That sound Elmira residents hear every Saturday at noon is not the lunch bell. No, the two short siren bursts are a test of the town’s emergency system.
You’re supposed to take note, a reminder that in the event of a real emergency situation, there’s a safety process to follow. Not everybody’s up to speed, however.
To boost public awareness, the Woolwich Fire Department has been approaching businesses in Elmira to display a poster to inform the public about what to do in case they hear the emergency siren. The poster campaign follows the distribution of fridge magnets to every home
in Elmira and the publishing of a magazine with the proper directions in case the siren is used.
There is also an article in the township’s recreation guide explaining the correct procedures.
If the department uses the siren, residents are expected to go inside and close all the doors and windows, keep their phone lines open and wait for the community alert network message.
“We don’t want everybody to hop in their car and leave town if an emergency does arise – 99 per cent of the time we are all safe inside our houses as long as all the windows and doors are closed. It’s called shelter in place,” said deputy fire chief Dale Martin. “We are trying our best to get the message out.”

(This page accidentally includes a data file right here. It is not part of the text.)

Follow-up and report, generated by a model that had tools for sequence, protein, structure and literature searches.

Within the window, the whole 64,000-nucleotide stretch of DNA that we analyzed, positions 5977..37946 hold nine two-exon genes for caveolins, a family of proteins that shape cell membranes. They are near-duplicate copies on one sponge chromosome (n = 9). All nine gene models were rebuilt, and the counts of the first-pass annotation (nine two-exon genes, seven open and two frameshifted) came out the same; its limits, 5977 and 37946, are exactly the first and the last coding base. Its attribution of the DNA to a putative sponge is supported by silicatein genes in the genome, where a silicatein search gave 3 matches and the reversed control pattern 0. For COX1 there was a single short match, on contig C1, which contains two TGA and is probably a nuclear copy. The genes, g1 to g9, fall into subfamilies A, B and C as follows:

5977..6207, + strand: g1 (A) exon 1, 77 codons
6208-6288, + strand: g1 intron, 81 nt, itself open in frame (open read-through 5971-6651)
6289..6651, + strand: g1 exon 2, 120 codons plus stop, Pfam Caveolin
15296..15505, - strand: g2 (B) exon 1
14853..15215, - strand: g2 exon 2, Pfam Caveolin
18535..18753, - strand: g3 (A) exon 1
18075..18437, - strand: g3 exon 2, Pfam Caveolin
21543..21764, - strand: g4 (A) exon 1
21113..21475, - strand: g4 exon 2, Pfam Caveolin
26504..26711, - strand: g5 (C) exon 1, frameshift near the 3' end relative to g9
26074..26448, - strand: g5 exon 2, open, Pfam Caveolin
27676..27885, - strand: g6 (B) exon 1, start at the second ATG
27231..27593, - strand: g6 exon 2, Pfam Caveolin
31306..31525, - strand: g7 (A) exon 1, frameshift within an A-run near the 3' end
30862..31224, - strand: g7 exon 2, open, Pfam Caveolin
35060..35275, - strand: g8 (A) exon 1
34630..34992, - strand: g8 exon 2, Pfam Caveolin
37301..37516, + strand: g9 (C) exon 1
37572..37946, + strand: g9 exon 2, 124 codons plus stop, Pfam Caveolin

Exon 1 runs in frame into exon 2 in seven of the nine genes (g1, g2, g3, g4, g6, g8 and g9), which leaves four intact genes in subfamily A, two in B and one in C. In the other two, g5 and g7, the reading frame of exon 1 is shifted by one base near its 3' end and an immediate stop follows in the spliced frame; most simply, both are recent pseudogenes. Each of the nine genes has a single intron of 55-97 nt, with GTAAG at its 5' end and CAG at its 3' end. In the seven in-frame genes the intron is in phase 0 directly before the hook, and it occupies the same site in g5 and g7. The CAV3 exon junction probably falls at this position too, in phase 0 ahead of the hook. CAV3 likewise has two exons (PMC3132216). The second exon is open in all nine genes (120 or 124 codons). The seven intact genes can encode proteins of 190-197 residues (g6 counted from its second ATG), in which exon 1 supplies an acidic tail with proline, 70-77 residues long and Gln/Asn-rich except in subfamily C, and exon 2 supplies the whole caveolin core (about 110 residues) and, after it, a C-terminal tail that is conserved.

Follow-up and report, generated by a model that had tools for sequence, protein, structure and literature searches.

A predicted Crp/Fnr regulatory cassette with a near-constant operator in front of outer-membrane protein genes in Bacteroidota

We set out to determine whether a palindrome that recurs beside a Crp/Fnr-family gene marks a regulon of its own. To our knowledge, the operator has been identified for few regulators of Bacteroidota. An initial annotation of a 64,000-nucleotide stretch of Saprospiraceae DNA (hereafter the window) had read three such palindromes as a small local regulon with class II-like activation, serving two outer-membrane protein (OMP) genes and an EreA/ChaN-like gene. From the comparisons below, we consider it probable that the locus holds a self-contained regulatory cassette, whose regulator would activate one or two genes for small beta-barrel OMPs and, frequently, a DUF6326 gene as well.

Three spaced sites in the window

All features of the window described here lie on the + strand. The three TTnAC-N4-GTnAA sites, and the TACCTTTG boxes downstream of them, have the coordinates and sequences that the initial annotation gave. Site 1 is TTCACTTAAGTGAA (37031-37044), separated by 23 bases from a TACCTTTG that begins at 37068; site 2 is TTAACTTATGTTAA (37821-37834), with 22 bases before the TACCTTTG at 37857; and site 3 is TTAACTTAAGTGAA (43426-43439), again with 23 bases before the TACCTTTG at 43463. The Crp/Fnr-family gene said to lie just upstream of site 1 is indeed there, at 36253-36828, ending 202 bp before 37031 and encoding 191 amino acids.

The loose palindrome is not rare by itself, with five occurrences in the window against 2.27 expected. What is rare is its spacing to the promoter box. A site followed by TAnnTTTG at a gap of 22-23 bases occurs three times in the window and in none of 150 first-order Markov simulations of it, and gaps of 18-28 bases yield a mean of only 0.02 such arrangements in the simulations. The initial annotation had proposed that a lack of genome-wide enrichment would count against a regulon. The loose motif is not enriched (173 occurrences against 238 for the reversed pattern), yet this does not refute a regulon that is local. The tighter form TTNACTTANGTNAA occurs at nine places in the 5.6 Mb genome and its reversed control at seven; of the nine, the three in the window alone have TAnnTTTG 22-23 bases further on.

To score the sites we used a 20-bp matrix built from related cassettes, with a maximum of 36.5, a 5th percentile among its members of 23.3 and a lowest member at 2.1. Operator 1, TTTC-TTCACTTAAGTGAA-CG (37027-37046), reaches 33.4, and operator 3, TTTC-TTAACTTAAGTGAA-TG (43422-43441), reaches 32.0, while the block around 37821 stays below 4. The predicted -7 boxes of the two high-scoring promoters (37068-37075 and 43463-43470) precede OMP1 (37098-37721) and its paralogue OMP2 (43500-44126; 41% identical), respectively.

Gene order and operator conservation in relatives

The siren system is in place to warn people that are outside to go indoors and wait for a phone message that will relay the directions or inform them when the emergency is over.
“We have a telephone system where everybody in the township could get a phone call stating what the problem is. So anybody within 1,000 metres of Chemtura or any chemical plant in town could get a call if there was an issue,” said Martin.
Currently only Elmira has the sirens, but the fire department is looking to expand the service to other communities in the township.
The siren can be heard every Saturday at noon. During the weekly tests two short calls are used.
In the case of an actual emergency the siren would go on for three minutes.
During the spring the fire department holds an emergency preparedness exercise using the sirens.
“We have used the siren in the past for chemical spills, chemical leaks and fires or anything weather-related like tornados,” said Martin. “Lots of people complain that they don’t hear the siren when they are already in their house, but it is meant for those that are outside to shelter in place.”